Claire Ashworh recounts how a bogus modeling agency convinced her to part with her money
Before it was well known that there are definitely bogus modeling agencies out there,most advertisements were taken pretty much on trust. Whereas you can now assume that if a model agency has to advertise for models then it is bogus, a few years ago this was not so well known - much to my cost.
Looking back it is hard to believe that I could have been quite so naive as to respond to this kind of advert but I did. As I recall , the advert was for hot models to apply for selection for a new talent agency. I thought this is my chance. I lived in a small town miles away from anywhere - how often do you get an opportunity like that.
When I arrived at the model agency, the receptionist was extremely pleasant and we fixed a date to come back to see the talent executive .I was told not to get my hopes up too much, the talent executive was inundated with applications to join the agency and he could only select about 1 in 20. At the time I thought well I might as well give it a try, and at least i proves that it must be a good agency I thought.
Two or three days later I returned to see the Talent Executive. The same receptionist met me as I entered the office, and she said told me not to be nervous. The talent executive was to be addressed on first name terms and I should do my best to relax.
I waited on a couch for about 6 or 7 minutes and then I was called in. The talent executive introduced himself to me and thanked me for responding to the hot models advert. He told me that they had had a lot of applicants and that not everyone could be represented by the agency but that he had decided I would be perfect - I was a hot model as he called it !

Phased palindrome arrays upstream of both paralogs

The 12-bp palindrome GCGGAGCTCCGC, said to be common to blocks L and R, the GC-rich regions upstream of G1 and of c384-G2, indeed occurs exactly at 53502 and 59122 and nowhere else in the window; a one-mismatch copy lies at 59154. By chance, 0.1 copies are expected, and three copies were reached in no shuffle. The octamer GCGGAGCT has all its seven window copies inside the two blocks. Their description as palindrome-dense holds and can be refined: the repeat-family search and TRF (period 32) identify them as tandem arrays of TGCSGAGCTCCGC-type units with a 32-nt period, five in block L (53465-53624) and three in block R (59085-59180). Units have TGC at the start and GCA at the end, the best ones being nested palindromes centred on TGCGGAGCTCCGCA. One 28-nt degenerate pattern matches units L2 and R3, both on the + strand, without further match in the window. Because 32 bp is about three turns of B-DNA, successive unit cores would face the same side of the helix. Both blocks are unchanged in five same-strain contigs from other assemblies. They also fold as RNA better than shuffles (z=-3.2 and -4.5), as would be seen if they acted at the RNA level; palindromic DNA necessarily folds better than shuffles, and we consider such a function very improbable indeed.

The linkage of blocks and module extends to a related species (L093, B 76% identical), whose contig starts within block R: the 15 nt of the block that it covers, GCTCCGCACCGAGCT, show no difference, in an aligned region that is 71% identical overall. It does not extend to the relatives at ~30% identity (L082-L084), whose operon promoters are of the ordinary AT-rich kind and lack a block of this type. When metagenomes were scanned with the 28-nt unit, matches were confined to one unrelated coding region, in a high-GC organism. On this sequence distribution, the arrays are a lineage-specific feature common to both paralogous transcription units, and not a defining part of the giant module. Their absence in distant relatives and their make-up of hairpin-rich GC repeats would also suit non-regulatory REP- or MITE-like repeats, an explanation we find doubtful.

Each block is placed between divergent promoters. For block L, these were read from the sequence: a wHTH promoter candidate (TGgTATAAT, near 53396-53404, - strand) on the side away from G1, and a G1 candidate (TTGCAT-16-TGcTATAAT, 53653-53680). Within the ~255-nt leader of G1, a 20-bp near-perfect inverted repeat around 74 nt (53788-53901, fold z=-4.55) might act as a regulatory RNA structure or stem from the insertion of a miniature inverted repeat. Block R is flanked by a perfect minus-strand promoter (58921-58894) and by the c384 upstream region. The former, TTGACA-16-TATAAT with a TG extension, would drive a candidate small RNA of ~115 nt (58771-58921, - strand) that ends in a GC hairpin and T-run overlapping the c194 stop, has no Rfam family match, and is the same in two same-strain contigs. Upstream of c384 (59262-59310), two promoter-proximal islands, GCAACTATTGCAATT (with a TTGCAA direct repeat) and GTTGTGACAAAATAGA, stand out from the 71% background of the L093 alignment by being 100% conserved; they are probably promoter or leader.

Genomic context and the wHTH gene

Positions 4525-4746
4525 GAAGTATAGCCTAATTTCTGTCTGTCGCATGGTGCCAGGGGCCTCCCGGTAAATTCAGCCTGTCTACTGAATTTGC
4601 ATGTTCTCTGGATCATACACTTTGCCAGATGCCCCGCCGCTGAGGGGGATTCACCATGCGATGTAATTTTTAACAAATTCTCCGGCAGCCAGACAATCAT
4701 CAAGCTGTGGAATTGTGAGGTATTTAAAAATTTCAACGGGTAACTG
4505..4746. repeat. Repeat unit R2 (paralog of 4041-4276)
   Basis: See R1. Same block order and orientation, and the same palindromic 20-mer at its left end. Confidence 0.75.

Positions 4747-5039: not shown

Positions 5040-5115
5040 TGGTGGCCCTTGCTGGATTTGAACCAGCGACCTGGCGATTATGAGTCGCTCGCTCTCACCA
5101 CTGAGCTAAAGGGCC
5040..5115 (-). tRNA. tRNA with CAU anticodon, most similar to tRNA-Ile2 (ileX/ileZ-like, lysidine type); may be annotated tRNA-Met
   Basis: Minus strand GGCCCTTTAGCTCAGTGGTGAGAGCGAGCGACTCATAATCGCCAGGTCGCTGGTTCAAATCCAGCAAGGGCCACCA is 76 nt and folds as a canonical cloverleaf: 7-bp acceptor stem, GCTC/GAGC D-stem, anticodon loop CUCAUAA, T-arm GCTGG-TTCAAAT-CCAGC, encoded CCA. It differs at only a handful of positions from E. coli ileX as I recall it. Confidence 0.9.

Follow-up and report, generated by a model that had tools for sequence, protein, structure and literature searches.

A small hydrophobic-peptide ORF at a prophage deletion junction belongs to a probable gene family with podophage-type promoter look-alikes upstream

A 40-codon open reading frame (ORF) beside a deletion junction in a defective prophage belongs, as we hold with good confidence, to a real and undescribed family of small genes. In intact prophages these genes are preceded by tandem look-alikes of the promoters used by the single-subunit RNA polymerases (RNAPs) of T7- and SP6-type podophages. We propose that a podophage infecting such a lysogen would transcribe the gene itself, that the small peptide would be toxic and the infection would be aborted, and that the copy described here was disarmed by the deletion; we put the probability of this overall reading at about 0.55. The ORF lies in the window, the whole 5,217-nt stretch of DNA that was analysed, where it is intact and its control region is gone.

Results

As you can imagine I was delighted to have been chosen. I thanked him whilst beaming from ear to ear. It was then that he continued speaking. He asked me if I had a portfolio (of course he must have known that I didn't because otherwise I would have given it to him or this interview. He told me that ' a hot model needs a hot portfolio' in order to get a job, and he said that part of the registration requirements were that the model had a professionally created portfolio which would then be used to show clients what I was capable of.
He said that in order to ensure that the portfolio was of sufficient quality, he would have to insist that I go to an in-house photographer who will be capable of photographing me in a number of styles which will maximize my chances of receiving work. But the cost of paying the photographer was huge. I couldn't believe how much he wanted, and told him I would have to think about it. He warned me that he had a number of models that he was going to see that afternoon and that if I didn't sign up for the portfolio now, then he could not guarantee that the place would still be available that evening.
So I signed , and paid for the photographer. The photographs were actually quite good but hugely overpriced. I was sure , however, that they would bring me modeling work. How wrong I was. There was no modeling market for models in my small town - however hot ! I never got close to earning even a quarter of the photographers fees and there was nothing much I could do about it.
I was told that a portfolio was a means to advertise myself, and that talent agencies often required models to contribute to their own advertising costs. This is simply not true, in fact in the US,some states prohibit this.If you are asked for any money before you receive work, run a mile !